The Adams administration said in a statement Friday that it was “constantly exploring innovative technologies” and that it was reviewing options for the robot’s “next deployment.”
The mayor had said the robot would not use facial recognition technology, but its arrival immediately sparked concern among civil libertarians, who warned that it was the harbinger of an ever-more-dystopian surveillance society and would further infringe upon New Yorkers’ privacy.
Last year, the Legal Aid Society asked that the Police Department’s use of surveillance technology be investigated, arguing that it was violating a city law requiring it to disclose how new technology is being used and how data is protected.
On Thursday, Shane Ferro, a staff lawyer with the group’s Digital Forensics Unit, said that the Adams administration was “distracted by false claims of high-tech solutions to age-old issues.”
The mayor has a longstanding interest in novel, if not outlandish, technologies. As Brooklyn borough president, he touted a lasso-like device called BolaWrap that was designed to incapacitate emotionally unstable people. His friend Frank Carone had invested in the company. Mr. Carone would go on to serve as Mr. Adams’s chief of staff in City Hall.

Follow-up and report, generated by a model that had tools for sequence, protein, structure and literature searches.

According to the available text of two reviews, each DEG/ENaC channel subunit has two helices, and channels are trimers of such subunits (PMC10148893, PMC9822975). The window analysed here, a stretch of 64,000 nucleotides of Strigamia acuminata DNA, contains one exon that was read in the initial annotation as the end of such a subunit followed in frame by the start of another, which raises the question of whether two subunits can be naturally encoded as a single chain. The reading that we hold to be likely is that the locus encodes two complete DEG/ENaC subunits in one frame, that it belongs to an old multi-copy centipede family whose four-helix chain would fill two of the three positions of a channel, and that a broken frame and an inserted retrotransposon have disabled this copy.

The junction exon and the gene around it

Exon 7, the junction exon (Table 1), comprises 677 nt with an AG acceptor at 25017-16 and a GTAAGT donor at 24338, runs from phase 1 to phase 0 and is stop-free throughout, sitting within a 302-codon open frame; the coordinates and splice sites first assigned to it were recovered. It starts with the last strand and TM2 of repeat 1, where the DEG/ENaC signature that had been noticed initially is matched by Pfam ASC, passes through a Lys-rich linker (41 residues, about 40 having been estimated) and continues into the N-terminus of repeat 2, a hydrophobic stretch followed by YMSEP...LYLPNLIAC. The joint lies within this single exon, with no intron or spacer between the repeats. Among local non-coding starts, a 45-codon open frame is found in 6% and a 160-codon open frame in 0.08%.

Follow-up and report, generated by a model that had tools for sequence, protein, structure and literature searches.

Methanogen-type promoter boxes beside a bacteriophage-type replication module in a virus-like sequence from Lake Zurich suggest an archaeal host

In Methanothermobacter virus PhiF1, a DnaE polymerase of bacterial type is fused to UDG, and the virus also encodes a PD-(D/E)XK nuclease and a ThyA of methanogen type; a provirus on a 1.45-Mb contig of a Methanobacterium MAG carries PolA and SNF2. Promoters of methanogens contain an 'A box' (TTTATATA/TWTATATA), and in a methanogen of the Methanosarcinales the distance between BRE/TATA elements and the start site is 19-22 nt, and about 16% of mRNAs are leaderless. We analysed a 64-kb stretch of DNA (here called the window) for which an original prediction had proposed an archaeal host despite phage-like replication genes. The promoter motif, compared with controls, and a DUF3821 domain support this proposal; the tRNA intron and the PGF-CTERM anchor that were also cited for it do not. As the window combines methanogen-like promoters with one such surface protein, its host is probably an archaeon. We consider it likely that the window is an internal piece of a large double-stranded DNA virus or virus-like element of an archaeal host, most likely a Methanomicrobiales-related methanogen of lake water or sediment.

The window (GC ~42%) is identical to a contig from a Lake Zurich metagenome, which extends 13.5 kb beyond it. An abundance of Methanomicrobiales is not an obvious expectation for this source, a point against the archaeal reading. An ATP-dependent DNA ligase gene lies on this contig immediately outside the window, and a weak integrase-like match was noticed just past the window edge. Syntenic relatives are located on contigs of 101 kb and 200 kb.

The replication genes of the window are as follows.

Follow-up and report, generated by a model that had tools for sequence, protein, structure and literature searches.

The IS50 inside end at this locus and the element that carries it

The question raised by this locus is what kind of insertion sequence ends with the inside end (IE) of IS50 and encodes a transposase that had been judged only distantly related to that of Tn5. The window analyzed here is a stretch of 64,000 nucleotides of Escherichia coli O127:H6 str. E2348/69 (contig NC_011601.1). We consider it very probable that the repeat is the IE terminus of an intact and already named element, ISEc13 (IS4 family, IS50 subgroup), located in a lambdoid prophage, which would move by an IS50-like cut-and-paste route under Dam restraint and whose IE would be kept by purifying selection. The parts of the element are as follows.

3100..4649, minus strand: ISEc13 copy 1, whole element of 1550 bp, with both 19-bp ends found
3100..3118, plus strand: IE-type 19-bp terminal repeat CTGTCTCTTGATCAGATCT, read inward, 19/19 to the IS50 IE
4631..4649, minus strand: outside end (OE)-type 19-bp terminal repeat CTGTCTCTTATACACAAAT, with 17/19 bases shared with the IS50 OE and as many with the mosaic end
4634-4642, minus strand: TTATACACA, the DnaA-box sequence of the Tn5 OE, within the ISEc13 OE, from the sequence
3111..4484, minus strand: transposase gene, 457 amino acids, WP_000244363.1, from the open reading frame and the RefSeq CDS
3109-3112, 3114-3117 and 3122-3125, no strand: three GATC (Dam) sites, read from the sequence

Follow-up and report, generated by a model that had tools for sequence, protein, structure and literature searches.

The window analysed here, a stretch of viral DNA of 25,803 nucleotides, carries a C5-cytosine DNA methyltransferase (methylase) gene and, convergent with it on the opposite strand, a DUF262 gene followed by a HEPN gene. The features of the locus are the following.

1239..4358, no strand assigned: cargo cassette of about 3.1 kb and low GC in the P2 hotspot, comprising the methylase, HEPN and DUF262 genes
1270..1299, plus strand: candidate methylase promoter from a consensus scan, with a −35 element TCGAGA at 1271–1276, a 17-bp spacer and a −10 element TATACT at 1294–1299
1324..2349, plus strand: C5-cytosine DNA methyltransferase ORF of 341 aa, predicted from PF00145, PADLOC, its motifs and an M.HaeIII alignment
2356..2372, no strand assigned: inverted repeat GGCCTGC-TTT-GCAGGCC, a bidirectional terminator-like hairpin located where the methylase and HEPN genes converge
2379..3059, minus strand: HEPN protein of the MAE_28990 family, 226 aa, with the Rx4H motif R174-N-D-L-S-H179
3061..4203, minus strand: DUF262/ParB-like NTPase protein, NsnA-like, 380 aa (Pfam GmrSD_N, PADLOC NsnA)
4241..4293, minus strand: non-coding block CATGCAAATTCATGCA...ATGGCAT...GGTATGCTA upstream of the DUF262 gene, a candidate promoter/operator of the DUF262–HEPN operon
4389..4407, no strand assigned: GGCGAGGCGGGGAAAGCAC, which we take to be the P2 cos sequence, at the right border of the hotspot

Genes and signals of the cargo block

Mr. Adams has also championed the city’s use of a robotic dog — the Digidog — to assist emergency responders in situations that pose a risk of bodily harm.
Earlier this week, Edward Caban, the police commissioner, gave his state of the department address at Cipriani in Manhattan, where a video montage of all the technological gadgets and machines that officers have used in the past year was displayed on an enormous screen.
There was dramatic footage of drones, the Digidog, and a gun that can attach electronic trackers to fleeing cars.
There was no mention of the K5.
Stacy Stephens, a spokesman for Knightscope, declined to comment on Friday about the fate of the Police Department’s K5. “Unfortunately, we are not authorized to speak about certain clients,” she said. “We do hope you understand.”
The company’s stock was trading at 59 cents a share Thursday, down from $16.29 at its initial public offering on Jan. 28, 2022.
With major crimes down and the mayor mandating budget cuts across city agencies, Albert Fox Cahn, the executive director of the Surveillance Technology Oversight Project, a privacy and civil rights group, said people should question spending on gadgets.
“I described it as a trash can on wheels, but it looks like the wheels aren’t even working at this point,” Mr. Cahn said.
On Thursday evening, as the rush hour crowds surged through the Times Square station, the robot sat silently in its brightly lit exile. Two police officers standing at the turnstiles nearby said that, although they were not regularly assigned to the station, they could not recall ever seeing the robot on the beat.
One of the officers said that he was relieved the robot had been mothballed. He did not want to be responsible for it.
Maria Cramer and Nate Schweber contributed reporting.